What is the best piece of writing advice you’ve ever been given?

My fifth grade teacher told me I was a good writer. I know that's not quite advice, but it was life changing, nonetheless. It was Christmas time and she had an entire board dedicated to her class and something in which each student excelled. On a post it note shaped like a wreath, were the words "good friend, good writer." It was the first time someone that I wasn't related to had told me I had a talent for writing. I remember a hint of excitement, a tiny kindling of hope that maybe I was good, really, actually good. I knew I loved writing, but it felt good to know that someone enjoyed reading it, too. I still have that post it note.

What’s your proudest moment as a writer?

This is it! Since I'm still new to trying be a professional Writer, having won a national contest (not to mention money of any amount) is huge for me! It's too easy to think about all the people who fail at writing daily and reread all the dumb first drafts (okay, okay - rough second drafts, too!) I've written over the years. It seems impossible that I could be so blessed as to make a living doing something I love so well. Amidst all the doubt that plagues writers, winning the WD Popular Fiction Awards is like that moment in fifth grade all over again. I find myself thinking maybe I can do this after all.

What are your goals as a writer: for your career and your work?

I want to be able to quit my day job and write full time! That would be a dream come true, especially if I could make enough money to pay rent. I have a novel finished and another one almost done so I plan to start pedaling my manuscripts around to agents and publishers alike soon. I also started a Masters program in January and I hope to teach Writing and English when I'm done. Even if I never publish anything or win another competition ever again, I look forward to writing for as long as I am able!

Any final thoughts or advice?

Write on! You'll never get any better or publish anything or win anything if you don't keep writing. Even if you're terrible at it, keep going. Mistakes make for the best teachers, anyway (sorry, mom). Think of that book, that story, that made you fall in love with the written word for the very first time and keep on. Whether you want to be the next Stephen King or you're just looking for a therapeutic way to pass the time, keep writing.

Phong Nguyen: On Freedom To Invent in Historical Fiction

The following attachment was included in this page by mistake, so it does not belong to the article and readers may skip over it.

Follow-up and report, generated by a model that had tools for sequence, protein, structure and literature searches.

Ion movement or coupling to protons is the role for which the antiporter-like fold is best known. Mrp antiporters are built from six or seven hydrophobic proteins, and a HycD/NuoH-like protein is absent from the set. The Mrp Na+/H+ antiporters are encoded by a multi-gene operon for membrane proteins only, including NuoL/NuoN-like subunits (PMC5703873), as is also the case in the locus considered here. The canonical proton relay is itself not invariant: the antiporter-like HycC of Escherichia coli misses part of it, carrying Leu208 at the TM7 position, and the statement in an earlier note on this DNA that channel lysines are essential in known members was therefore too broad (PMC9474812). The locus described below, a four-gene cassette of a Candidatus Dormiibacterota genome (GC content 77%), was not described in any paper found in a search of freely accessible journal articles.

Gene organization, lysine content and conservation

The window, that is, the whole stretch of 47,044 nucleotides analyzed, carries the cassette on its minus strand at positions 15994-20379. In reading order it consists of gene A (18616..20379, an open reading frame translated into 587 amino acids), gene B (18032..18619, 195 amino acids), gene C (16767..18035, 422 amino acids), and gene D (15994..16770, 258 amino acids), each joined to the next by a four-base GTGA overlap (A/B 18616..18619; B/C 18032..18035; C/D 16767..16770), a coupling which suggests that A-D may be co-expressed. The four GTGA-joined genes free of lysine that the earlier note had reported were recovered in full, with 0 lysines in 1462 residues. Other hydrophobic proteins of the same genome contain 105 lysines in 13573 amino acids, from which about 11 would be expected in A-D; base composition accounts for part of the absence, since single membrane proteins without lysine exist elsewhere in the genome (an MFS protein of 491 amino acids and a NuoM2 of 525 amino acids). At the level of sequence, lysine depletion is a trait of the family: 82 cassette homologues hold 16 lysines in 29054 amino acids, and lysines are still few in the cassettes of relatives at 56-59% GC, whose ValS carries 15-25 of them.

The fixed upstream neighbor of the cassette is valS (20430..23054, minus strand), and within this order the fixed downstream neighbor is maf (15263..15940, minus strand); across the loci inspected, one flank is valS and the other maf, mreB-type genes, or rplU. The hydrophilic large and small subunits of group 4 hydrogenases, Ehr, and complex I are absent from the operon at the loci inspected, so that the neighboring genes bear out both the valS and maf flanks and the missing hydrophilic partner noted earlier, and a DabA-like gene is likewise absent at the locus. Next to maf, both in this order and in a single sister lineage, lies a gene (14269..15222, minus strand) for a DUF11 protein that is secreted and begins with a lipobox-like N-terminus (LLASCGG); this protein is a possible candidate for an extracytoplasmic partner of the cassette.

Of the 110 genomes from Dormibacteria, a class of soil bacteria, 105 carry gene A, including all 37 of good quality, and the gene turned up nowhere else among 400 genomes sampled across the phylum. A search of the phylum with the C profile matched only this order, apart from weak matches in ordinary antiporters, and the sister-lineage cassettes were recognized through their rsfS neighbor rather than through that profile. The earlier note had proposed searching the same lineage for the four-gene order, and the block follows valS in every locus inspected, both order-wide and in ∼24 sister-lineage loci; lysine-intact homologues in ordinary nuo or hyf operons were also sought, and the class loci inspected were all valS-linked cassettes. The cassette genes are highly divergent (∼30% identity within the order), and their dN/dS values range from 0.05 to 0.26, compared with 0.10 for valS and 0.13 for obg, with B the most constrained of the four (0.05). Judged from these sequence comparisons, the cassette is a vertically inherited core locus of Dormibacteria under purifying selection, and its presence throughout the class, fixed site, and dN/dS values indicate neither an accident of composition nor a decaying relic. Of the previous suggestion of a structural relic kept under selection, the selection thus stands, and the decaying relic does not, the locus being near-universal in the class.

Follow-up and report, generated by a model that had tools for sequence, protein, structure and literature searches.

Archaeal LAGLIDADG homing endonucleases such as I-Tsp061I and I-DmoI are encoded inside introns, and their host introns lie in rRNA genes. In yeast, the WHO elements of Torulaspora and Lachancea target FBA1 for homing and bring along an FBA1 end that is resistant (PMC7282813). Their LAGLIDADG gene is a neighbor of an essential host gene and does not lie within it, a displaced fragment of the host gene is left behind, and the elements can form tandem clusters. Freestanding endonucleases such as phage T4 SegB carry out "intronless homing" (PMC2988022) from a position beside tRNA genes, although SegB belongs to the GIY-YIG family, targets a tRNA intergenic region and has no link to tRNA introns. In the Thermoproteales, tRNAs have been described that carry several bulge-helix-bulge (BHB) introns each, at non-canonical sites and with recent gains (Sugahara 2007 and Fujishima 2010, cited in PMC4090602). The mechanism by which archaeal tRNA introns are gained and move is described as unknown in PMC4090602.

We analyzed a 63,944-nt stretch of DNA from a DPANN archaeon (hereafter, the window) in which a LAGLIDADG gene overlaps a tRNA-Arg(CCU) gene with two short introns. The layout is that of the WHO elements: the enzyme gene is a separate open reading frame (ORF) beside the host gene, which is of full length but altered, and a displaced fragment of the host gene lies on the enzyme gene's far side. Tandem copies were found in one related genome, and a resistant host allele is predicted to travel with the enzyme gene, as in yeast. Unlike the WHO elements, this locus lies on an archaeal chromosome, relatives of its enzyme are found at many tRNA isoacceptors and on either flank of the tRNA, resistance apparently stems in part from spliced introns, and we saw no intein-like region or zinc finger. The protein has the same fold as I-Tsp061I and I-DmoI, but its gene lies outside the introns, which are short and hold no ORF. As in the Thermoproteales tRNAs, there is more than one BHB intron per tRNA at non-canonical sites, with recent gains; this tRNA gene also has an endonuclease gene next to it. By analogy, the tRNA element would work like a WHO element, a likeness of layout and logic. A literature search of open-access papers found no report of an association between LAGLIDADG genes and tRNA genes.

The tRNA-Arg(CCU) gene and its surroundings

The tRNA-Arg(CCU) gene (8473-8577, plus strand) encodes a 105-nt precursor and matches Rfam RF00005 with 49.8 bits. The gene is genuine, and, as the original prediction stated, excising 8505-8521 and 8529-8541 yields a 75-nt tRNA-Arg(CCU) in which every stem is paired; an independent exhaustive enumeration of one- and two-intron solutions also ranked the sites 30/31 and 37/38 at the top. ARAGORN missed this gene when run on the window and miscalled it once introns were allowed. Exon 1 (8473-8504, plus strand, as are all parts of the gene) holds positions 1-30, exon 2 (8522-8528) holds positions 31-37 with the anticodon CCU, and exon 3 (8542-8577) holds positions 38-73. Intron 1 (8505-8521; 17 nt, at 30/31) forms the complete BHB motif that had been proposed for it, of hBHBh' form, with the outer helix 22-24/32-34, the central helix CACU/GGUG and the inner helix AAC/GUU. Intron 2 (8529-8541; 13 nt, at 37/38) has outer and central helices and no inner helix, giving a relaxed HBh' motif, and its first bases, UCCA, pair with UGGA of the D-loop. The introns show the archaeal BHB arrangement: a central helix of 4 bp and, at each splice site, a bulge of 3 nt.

Phong Nguyen: On Freedom To Invent in Historical Fiction

Award-winning author Phong Nguyen discusses his lifelong dream of writing his new historical fiction novel, Bronze Drum.

Historical Fiction Authors Don’t Expect Their Characters’ Battles To Appear in Modern Headlines, but Here We Are

Historical Fiction Authors Don’t Expect Their Characters’ Battles To Appear in Modern Headlines, but Here We Are

What happens to historical fiction when history repeats itself? Author Addison Armstrong discusses writing about the past and seeing it reflected in the present.

From Script

Art and Independence (From Script)

In this week’s round up brought to us by Script magazine, exclusive interviews with Neil Gaiman’s “The Sandman” television writer Vanessa Benton, Allegoria writer-director Spider One, Hulu’s Prey screenwriter Patrick Aison and director Dan Trachtenberg, and more!

Steven Hartov: On Shocking Truths in Historical Fiction

Steven Hartov: On Shocking Truths in Historical Fiction

New York Times bestselling author Steven Hartov discusses the surprising truths he discovered when writing his new historical fiction novel, The Last of the Seven.

Larry Beinhart: On Rejection Leading to Mystery

Larry Beinhart: On Rejection Leading to Mystery

Award-winning author Larry Beinhart discusses what he learned in the process of writing his new mystery novel, The Deal Goes Down.

writer's digest wd presents

WD Presents: A Competition Announcement, 6 WDU Courses, and More!

This week, we're excited to announce our self-published e-book awards, 6 WDU courses, and more!

Leah Franqui: On Killing Our Critical Inner Voices

Leah Franqui: On Killing Our Critical Inner Voices

Award-winning playwright and author Leah Franqui discusses how she examined her life through a fictive lens with her new novel, After the Hurricane.

Pacing Your Fight Scene (FightWrite™)

Pacing Your Fight Scene (FightWrite™)

Trained fighter and author Carla Hoch discusses how to pace your story's fight scene and shares three examples from writers who tackle pacing differently.

Writing Mistakes Writers Make: Rushing the Drafting Process

Writing Mistakes Writers Make: Rushing the Drafting Process

The Writer's Digest team has witnessed many writing mistakes over the years, so this series helps identify them for other writers (along with correction strategies). This week's mistake is rushing the drafting process.